Cover image for The Gilded Age : a history in documents
The Gilded Age : a history in documents
Greenwood, Janette Thomas.
Publication Information:
New York : Oxford University Press, [2000]

Physical Description:
191 pages : illustrations, maps ; 26 cm.
Uses a wide variety of documents to show how Americans dealt with an age of extremes from 1887 to 1900, including rapid industrialization, unemployment, unprecedented wealth, and immigration.
Format :


Call Number
Material Type
Home Location
Item Holds
E661 .G45 2000 Adult Non-Fiction Non-Fiction Area

On Order



When many Americans think of the Gilded Age, they picture the mansions at Newport, Rhode Island, or the tenements of New York City. Indeed, the late 19th century was a period of extreme poverty thinly veiled by fabulous wealth. However, we should not remember the era only for the strides madeby steel magnate Andrew Carnegie or social reformer Jane Addams. All Americans had to adjust to the dynamic social and economic changes of the Gilded Age--the booming industries, growing cities, increased ethnic and cultural diversity. African American W. E. B. Du Bois, Native American Sitting Bull,and Chinese American Saum Song Bo spoke out against racial injustice. European immigrants Mary Antin and Robert Ferrari suffered the pitfalls and praised the opportunities found in their new country. Pioneer Phoebe Judson lamented the loneliness of making a life out West. And workers at HomesteadSteel lost their lives in an attempt to improve labor conditions. Drawing from the letters, memoirs, newspaper articles, journals, and speeches of Gilded Age Americans, author Janette Greenwood arranges all of these voices to tell a story more vibrant and textured than the simple tale of robberbaron versus starving poor. In addition to these voices, visuals--such as advertisements, maps, political cartoons, and a picture essay on Jacob Riiss urban photographs--create a kaleidoscopic view of the quarter century when diverse Americans struggled for the same goal: a better way of life, withmore justice and democracy for each and all. PAGES FROM HISTORY General Editors: Sarah Deutsch, University of Arizona, Carol Karlsen, University of Michigan, Robert G. Moeller, University of California, Irvine, and Jeffrey N. Wasserstrom, Indiana University, Bloomington Textbooks may interpret history, but the books in the Pages from History series are history. Each title, compiled and edited by a prominent historian, is a collection of primary sources relating to a particular topic of historical significance. Documentary evidence including news articles,government documents, memoirs, letters, diaries, fiction, photographs, and facsimiles allows history to speak for itself and turns every reader into a historian. Headnotes, extended captions, sidebars, and introductory essays provide the essential context that frames the documents. All the books areamply illustrated and each includes a documentary picture essay, chronology, further reading, source notes, and index.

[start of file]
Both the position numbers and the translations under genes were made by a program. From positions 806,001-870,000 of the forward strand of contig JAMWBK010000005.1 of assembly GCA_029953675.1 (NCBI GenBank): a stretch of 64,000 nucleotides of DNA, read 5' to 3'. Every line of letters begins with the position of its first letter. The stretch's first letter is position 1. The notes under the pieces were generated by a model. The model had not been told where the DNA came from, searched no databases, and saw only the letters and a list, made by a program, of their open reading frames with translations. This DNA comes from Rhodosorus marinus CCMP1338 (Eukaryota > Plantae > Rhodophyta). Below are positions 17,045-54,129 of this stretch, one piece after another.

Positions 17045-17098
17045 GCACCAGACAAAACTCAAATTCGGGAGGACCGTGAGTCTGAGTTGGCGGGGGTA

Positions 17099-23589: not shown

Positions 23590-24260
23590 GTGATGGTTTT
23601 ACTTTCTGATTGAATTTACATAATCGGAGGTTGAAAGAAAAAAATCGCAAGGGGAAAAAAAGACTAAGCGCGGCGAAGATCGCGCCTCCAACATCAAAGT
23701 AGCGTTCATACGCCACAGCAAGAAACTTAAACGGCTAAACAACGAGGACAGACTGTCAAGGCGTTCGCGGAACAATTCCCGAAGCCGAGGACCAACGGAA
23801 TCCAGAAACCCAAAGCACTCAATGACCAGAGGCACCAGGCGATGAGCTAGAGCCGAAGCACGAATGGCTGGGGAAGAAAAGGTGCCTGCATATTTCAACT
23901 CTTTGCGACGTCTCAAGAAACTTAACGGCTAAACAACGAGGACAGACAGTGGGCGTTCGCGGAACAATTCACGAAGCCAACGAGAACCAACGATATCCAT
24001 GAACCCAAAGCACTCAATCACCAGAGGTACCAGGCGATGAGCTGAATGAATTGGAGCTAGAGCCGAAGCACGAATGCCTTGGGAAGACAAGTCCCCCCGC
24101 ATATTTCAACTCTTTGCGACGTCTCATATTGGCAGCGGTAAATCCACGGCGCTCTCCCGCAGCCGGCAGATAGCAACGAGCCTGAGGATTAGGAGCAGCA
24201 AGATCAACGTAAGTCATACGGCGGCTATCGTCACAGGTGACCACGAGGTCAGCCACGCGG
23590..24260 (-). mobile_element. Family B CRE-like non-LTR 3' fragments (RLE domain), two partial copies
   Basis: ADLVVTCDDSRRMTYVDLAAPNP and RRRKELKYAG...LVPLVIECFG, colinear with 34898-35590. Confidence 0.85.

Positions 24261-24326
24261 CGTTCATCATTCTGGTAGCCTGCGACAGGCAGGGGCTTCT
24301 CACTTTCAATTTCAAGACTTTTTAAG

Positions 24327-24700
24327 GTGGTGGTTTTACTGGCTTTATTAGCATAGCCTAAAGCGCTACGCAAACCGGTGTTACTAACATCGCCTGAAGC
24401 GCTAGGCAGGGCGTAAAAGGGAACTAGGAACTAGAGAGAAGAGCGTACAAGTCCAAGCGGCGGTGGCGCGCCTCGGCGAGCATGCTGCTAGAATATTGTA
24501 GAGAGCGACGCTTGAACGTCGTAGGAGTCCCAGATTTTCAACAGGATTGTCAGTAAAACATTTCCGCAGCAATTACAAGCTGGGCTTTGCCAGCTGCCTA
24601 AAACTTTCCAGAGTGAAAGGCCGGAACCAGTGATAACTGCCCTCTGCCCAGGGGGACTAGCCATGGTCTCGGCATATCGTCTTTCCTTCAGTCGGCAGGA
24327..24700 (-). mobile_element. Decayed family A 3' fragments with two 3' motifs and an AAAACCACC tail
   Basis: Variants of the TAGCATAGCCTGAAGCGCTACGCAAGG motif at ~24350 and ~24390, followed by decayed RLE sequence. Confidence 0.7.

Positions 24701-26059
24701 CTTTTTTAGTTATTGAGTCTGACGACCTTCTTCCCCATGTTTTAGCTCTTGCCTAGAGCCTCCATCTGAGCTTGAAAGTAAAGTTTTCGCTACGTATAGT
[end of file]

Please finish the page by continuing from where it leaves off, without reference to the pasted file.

Author Notes

Janette Thomas Greenwood is Associate Professor and Chair of the History Department at Clark University. Her previous works include Bittersweet Legacy: The Black and White "Better Classes" in Charlotte, N.C. 1850-1910 (UNC Press, 1994), The Black Experience in Charlotte-Mecklenburg,1850-1920: A Curriculum Guide for Teachers (C-M Historic Properties Commission, 1984) and On the Home Front: Charlotte During the Civil War (Mint Museum of History, 1982).

Reviews 2

Booklist Review